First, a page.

Is Terrorism “Not Islam”?
Khizr and Ghazala Khan, Muslim parents of a slain US soldier, delivered a speech at the Democratic National Convention that was easily the highlight of the political process so far this year. Someone among the organizers of the DNC had the insight to realize that what is needed when facing an opponent like Donald Trump is to remind Americans of the ideals that we all share, and the Khans nailed that reminder.
Ghazala Khanwhose essay at The Washington Post is tremendously moving, wrote something that I found interesting: “…terrorism is a different religion.”
This is a sentiment I’ve heard take a number of forms, but I think this is the most to-the-point form of the claim; that Islam and terrorism are not related, but rather that terrorism is itself and at most a perversion of Islam which has no claim to the faith.
When I read this, my first thought was that it is odd to think of terrorism as a religion at all — I feel that terrorism cannot be thought of as a purely religious act, because it is secular and serves non-religious ends —much like, for example, the Crusades. The Crusades might easily have happened without encouragement from Christian leaders at the time, because they had many secular motives. In the same way, Islamic terrorism has persuasive secular motives which preclude it from being thought of as an expression only of religious belief.
Regardless of secular motive, we must think about the institutional power wielded by religious leader to impact the choices of their followers — when leaders or important people in a given faith use the auspices and authority of that faith to encourage, justify, enable, or excuse an evil behavior, I feel that we have to say that the institution of that faith is per se responsible unless there is an explicit schism. Modern Islam’s structure is *far* looser than Christianity at the time of the Crusades, which I think is part of why this is difficult for many people to translate directly to Islam. There is no central power structure to which one can readily appeal.
For a more cut-and-dried example, consider Catholic priests molesting children. In order to say that Catholicism as an institution bears no responsibility, it’s reasonable to say that we would need to see:
- Overt condemnation of the act and of the coverup
- Overt condemnation of the persons responsible for both committing the act and covering it up
- Removal of those people from positions of authority
Because we did not see those things (at least not within any sort of reasonable time frame) from the Catholic church, it is fair to say that they bear some responsibility — as an institutional religion, not an ideology — for what happened. Leaders in their faith used the auspices and authority of that faith to encourage, justify, enable, or excuse an evil behavior.
Unlike the rigid structure of the Catholic Church, however, there are many “Islams” depending on how you draw divisions — Sunni and Shia being the most formalized. Most Americans (myself included) lack the knowledge to properly distinguish between all or even most sects and ideological divisions within Islam. This is not a criticism of Americans — I rather doubt that the average Muslim could explain the difference between a Baptist and a Seventh-Day Adventist — but rather an attempt to explain why it’s reasonable to expect Americans to think of Islam as Islam; a monolith. As long as that is true — most likely forever — we will be forced to rely on an incomplete picture of how terrorism fits into Islam, but it doesn’t change my opinion that Islam should be held to account for the words and actions of its leaders, whether they are radicals or “mainstream.”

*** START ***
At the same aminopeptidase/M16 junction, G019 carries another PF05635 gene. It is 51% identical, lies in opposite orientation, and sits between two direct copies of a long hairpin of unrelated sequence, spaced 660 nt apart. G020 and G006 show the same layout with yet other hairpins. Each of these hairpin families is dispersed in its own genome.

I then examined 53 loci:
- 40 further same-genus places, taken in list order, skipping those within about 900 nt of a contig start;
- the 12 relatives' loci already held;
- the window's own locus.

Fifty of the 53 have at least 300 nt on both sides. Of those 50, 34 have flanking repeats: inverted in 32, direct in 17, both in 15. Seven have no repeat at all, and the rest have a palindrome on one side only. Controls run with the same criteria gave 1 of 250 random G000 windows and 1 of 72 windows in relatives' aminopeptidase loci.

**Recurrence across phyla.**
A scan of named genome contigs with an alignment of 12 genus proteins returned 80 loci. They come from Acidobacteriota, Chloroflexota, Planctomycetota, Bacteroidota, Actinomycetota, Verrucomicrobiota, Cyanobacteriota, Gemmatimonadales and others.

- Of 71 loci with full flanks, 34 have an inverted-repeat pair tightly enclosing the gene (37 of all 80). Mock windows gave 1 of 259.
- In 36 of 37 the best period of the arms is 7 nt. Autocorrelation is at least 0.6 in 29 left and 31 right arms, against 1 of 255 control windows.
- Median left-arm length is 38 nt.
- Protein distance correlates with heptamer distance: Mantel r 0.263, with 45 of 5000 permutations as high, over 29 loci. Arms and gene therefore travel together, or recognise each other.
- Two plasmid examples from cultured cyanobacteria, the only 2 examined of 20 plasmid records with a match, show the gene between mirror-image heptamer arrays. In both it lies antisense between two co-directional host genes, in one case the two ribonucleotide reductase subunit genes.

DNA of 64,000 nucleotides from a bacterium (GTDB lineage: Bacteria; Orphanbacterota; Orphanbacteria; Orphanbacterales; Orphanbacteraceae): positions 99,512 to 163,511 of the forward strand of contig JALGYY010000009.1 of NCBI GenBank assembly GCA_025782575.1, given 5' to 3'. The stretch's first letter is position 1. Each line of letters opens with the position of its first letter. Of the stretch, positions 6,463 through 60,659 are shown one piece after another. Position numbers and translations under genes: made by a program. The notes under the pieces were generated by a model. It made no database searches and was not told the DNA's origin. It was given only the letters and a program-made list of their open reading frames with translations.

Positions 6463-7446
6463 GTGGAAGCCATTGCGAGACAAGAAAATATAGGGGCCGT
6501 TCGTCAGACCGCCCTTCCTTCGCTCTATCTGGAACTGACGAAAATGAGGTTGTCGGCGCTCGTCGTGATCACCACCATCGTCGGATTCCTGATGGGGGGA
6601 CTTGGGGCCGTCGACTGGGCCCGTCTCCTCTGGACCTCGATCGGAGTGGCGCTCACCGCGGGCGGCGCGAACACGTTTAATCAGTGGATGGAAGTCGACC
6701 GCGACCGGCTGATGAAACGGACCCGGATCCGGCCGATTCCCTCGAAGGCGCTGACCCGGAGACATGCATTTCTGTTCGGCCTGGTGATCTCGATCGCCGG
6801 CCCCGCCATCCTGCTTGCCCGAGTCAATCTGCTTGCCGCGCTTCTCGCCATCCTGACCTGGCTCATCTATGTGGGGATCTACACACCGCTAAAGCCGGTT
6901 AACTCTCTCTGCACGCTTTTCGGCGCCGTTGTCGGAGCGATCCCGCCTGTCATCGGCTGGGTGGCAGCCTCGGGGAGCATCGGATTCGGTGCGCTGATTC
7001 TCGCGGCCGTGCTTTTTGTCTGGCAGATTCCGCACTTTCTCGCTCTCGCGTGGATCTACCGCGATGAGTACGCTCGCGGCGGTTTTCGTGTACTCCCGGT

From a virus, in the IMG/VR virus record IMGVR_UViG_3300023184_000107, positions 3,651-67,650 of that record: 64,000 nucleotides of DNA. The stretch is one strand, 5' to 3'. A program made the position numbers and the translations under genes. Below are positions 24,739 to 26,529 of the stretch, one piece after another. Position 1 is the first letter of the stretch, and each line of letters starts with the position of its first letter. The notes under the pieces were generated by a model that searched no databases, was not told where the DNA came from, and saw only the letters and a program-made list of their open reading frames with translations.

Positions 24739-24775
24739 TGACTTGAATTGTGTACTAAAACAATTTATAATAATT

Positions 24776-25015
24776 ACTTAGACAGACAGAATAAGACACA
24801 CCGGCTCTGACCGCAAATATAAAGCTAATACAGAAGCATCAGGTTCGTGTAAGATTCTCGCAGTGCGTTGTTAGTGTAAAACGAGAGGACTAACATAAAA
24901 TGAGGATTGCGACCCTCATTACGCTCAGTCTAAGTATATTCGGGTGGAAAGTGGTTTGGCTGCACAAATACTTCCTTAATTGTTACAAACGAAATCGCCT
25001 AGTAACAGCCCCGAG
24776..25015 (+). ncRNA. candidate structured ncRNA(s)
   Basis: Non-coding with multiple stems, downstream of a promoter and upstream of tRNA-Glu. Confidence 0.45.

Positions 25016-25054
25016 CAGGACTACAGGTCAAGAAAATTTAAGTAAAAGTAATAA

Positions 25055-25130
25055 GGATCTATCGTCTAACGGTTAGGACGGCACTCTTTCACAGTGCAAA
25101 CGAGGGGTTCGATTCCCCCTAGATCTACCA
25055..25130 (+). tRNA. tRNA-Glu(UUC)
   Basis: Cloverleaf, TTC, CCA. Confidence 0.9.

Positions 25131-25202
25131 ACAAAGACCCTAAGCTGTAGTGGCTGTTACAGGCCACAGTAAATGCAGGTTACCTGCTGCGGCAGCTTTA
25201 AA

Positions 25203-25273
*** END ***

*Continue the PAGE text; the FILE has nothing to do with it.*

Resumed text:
This may seem unfair, but the extremists who advocate and perpetrate acts of terrorism have not invented a philosophy from whole cloth. Like the Westboro Baptist extremists in America, their philosophies are backed up by a book said to be infallible by their faith and by centuries of religious thought within their faith. Just as one can easily find an instruction to persecute homosexuals in the Bible and in mainstream Christian doctrine, one can easily find instructions to fight the infidel in the Koran and mainstream Islamic doctrine. Absent mainstream condemnation of those books and those philosophies as flawed — an unlikely event, to say the least — we’re talking primarily about differences of opinion in degree, not in kind.
Does any of this mean that I share Donald Trump’s beliefs about Muslims or support his plans? Absolutely not. Individual Muslims bear no more guilt over the actions of terrorists and warmongers than individual Catholics bear over the abuse of children, which is to say as much or as little guilt as can be justified by that individuals knowledge of wrongdoing and ability to step in. And I believe that last sentence also describes pretty accurately my feelings on how the US should handle terrorism and child molesters alike — by targeting the individuals who have actual responsibility for the misdeed and by seeking to gain the cooperation of those who are in a position to step in.